Golovkin looks for megafight after big win at Garden
Oct. 18, 2015
NEW YORK (AP) — Gennady Golovkin gave a slight bow and apologized to David Lemieux after hitting him while he was on the canvas in the fifth round of their middleweight title fight.
Golovkin could afford to be magnanimous. Everything else he did was nearly perfect Saturday night when he staked his claim as boxing's best before a sold-out crowd on the big stage of Madison Square Garden.
In a coming out party of sorts, Golovkin battered Lemieux at will before referee Steve Griffith mercifully stopped the fight in the eighth round with the Canadian taking a beating on the ropes. It was yet another impressive performance from a fighter many are starting to notice as he knocks out almost everyone who steps in the ring with him.
More important, it sets up a possible bout that has boxing fans salivating: Triple G against the winner of the Nov. 21 middleweight title clash between Canelo Alvarez and Miguel Cotto.
"This fight puts him at the next level," promoter Tom Loeffler said. "He's at the top of the sport. There's probably only one other fighter now who can fill Madison Square Garden and that is Cotto."
The bout wowed a crowd of 20,548 that included Republican presidential front-runner Donald Trump. Former middleweight champion Bernard Hopkins has seen a lot in his years in the sport, and believes the man who beat the fighter he was promoting is something special.
"He's poisonous," Hopkins said. "He's patient."
Golovkin was both those things against Lemieux, taking his time in an efficient performance that saw him land 51 percent of his punches. Most of those landed crisply, and took their toll as the rounds added up.
With Triple G, of course, the knockout is everything. And while Lemieux was still standing in the eighth round, he became the 21st straight fighter Golovkin has stopped within the distance.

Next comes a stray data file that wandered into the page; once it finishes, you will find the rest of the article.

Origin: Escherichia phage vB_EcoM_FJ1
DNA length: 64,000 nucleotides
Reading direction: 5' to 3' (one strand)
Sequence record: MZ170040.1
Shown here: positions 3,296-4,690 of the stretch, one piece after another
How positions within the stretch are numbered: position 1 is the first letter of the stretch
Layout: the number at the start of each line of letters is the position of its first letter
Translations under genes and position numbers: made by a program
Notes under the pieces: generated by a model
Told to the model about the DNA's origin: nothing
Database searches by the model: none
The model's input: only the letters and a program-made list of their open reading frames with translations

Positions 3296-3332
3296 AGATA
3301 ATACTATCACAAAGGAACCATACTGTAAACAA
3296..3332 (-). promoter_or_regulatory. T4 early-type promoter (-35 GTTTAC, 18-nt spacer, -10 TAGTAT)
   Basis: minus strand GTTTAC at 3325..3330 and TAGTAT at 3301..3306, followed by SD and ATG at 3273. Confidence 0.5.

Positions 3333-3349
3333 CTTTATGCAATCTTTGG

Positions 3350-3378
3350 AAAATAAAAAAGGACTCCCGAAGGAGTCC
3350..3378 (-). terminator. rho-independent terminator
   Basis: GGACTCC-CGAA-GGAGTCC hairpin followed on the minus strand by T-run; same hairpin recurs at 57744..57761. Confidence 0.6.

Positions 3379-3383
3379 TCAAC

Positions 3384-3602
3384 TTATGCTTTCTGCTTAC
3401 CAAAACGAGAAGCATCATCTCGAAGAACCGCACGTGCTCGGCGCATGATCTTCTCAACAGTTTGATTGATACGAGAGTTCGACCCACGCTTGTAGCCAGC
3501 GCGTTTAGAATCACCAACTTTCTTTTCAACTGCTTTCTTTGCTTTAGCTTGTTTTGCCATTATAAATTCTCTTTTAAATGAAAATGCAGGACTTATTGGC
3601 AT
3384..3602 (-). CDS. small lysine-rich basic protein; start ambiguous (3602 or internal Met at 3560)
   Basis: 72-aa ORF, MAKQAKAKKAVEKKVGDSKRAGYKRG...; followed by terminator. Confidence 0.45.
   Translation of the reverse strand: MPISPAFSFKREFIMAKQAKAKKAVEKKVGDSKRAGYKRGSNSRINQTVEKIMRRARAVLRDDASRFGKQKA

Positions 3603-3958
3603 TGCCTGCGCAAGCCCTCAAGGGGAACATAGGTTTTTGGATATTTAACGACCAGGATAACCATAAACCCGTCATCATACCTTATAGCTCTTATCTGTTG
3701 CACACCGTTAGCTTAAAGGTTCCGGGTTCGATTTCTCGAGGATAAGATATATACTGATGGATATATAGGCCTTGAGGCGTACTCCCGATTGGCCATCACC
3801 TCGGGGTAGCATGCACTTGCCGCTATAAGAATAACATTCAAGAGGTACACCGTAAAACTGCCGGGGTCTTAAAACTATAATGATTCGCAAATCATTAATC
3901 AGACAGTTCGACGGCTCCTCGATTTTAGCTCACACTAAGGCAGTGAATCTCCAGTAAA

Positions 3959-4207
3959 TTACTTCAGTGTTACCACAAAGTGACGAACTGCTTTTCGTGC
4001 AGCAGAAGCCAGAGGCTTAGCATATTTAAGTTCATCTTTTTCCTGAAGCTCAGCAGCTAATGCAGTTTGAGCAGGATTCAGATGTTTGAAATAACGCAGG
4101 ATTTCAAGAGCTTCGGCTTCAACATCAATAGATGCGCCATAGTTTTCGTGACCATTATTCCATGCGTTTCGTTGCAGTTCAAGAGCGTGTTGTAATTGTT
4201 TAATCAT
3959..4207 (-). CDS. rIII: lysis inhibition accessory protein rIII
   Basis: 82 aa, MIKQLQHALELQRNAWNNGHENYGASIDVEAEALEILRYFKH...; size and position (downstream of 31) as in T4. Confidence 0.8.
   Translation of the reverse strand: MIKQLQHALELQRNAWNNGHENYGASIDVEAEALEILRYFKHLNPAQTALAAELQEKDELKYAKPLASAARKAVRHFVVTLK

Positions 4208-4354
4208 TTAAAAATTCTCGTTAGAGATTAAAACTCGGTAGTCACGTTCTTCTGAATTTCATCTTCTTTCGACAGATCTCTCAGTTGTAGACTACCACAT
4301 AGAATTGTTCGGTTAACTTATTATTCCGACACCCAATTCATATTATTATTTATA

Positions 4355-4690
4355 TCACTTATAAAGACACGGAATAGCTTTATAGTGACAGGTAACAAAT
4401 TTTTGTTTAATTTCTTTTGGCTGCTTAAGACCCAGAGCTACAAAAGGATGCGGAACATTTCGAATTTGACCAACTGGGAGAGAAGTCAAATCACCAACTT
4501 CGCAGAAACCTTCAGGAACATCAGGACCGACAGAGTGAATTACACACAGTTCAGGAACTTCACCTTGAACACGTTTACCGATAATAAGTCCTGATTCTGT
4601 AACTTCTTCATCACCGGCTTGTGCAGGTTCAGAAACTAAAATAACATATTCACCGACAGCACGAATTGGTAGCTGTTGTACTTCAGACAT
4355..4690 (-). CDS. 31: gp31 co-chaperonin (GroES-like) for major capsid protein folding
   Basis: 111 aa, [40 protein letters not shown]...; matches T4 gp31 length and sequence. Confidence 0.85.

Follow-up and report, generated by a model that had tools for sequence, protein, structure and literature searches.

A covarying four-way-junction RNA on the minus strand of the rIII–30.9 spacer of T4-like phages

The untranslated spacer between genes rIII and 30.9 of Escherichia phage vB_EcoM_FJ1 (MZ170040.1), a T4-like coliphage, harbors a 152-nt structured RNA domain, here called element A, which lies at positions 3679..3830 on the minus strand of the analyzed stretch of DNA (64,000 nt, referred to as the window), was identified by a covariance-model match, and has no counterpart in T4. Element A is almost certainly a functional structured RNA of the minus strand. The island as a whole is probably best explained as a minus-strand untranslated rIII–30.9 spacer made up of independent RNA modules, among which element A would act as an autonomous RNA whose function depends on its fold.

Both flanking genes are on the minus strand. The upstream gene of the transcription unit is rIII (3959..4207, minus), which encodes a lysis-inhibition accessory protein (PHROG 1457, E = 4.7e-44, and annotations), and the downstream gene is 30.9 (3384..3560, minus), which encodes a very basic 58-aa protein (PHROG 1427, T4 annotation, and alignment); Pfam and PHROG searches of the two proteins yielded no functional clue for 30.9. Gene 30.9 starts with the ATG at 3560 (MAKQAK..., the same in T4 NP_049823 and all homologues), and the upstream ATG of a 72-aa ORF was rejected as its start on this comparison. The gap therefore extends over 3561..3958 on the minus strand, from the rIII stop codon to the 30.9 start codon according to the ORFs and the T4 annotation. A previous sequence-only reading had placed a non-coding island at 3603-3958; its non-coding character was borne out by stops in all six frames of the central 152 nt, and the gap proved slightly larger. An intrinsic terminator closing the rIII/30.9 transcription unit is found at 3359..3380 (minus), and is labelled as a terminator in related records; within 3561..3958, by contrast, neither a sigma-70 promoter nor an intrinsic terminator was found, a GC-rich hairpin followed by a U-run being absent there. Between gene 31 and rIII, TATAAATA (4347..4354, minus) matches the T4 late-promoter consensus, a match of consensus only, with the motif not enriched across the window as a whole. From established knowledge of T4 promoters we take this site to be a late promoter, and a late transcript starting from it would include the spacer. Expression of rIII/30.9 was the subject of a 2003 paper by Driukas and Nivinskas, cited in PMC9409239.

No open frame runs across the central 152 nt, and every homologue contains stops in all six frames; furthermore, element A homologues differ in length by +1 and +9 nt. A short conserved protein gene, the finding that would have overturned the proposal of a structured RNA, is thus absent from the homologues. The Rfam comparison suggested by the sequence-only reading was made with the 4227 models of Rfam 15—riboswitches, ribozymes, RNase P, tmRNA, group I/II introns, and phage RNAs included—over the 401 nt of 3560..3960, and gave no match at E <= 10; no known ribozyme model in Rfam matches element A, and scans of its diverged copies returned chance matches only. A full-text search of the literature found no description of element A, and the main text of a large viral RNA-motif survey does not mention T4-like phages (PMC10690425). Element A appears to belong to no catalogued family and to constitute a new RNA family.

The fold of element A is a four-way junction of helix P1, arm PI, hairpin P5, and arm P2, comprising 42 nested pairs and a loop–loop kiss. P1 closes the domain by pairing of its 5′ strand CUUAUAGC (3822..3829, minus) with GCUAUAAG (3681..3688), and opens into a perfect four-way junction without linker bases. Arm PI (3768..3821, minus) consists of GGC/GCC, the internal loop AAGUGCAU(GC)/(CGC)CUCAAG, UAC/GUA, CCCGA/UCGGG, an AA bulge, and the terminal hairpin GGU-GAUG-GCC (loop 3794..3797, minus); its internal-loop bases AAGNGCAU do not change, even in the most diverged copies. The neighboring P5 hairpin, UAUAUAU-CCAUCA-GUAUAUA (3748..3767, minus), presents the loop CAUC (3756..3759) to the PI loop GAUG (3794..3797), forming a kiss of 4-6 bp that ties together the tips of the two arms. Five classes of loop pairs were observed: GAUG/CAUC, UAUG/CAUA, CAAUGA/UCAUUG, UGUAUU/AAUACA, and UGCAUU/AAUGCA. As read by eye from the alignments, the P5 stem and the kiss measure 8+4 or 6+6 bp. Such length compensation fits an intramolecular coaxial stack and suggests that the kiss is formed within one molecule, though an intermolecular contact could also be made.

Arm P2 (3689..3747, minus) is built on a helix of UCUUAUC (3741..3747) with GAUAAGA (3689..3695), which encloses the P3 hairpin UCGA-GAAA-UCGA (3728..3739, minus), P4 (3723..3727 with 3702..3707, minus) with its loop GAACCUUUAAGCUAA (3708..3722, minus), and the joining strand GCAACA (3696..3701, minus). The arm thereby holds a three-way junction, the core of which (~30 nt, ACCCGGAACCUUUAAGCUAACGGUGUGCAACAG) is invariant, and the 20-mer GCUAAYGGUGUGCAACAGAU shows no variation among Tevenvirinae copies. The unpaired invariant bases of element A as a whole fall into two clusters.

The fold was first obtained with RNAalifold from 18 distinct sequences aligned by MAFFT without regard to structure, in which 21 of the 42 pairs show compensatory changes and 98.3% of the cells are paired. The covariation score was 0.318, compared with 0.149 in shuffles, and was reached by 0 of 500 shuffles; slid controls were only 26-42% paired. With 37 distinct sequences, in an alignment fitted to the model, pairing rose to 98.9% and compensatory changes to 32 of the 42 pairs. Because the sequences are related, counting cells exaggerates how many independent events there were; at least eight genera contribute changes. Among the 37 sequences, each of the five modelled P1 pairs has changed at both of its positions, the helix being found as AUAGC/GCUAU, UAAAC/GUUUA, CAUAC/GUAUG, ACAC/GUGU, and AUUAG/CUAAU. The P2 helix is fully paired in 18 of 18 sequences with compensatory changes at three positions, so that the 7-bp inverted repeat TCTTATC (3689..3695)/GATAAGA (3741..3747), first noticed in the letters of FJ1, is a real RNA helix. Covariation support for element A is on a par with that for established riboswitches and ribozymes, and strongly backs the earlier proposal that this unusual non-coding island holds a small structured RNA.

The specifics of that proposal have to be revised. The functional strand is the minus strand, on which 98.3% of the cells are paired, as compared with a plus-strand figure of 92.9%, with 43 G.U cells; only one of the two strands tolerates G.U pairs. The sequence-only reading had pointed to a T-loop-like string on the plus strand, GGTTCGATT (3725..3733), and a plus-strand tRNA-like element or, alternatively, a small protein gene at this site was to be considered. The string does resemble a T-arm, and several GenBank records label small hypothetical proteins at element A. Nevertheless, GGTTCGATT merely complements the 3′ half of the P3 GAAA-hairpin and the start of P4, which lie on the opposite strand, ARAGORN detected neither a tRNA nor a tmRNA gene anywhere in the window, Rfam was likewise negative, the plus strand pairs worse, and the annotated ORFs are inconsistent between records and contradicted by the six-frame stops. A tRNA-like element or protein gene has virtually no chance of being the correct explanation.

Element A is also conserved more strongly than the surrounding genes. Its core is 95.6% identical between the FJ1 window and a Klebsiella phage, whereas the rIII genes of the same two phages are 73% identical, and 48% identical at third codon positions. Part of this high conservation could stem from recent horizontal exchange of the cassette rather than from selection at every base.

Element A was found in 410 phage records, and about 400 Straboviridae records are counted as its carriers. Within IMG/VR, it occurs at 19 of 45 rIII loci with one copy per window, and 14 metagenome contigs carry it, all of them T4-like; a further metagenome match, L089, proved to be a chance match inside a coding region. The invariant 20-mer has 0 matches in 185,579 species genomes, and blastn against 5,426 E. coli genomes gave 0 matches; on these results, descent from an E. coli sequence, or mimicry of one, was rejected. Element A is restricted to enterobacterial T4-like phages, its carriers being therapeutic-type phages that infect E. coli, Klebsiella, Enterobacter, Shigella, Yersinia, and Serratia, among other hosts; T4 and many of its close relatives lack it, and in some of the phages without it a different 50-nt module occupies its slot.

"I felt his power, but I was strong tonight," Golovkin said. "My punches hurt him."
Lemieux, who brought a piece of the middleweight title into the ring, complained afterward that the referee stopped the fight too quickly while he was still on his feet. But Golovkin had won every round on all three ringside scorecards, and the wild rights that Lemieux was hoping would turn the fight around never landed solidly.
When the fight was over and the punches had been tallied Golovkin had landed 280 punches to 89 for Lemieux. It was Golovkin's first pay-per-view bout.
"I told you this was a very important fight," he said. "I give my fans and friends a big show. Thank you, my fans. Thank you, my people."
Golovkin plans to be ringside in Las Vegas for the Alvarez-Cotto fight next month, with the hope of meeting the winner in the spring. That bout, if it happens, would likely be on Cinco de Mayo weekend, which in the past has been reserved for Floyd Mayweather Jr. fights.
With Mayweather now retired, the middleweight division could be in the spotlight. Golovkin, who has had trouble coaxing fighters in the ring against him, is suddenly a very marketable fighter. With millions of dollars at stake, some may take the challenge against the devastating puncher.
"At least now nobody can use the excuse they can't get paid to fight Gennady," Loeffler said. "That excuse is gone now."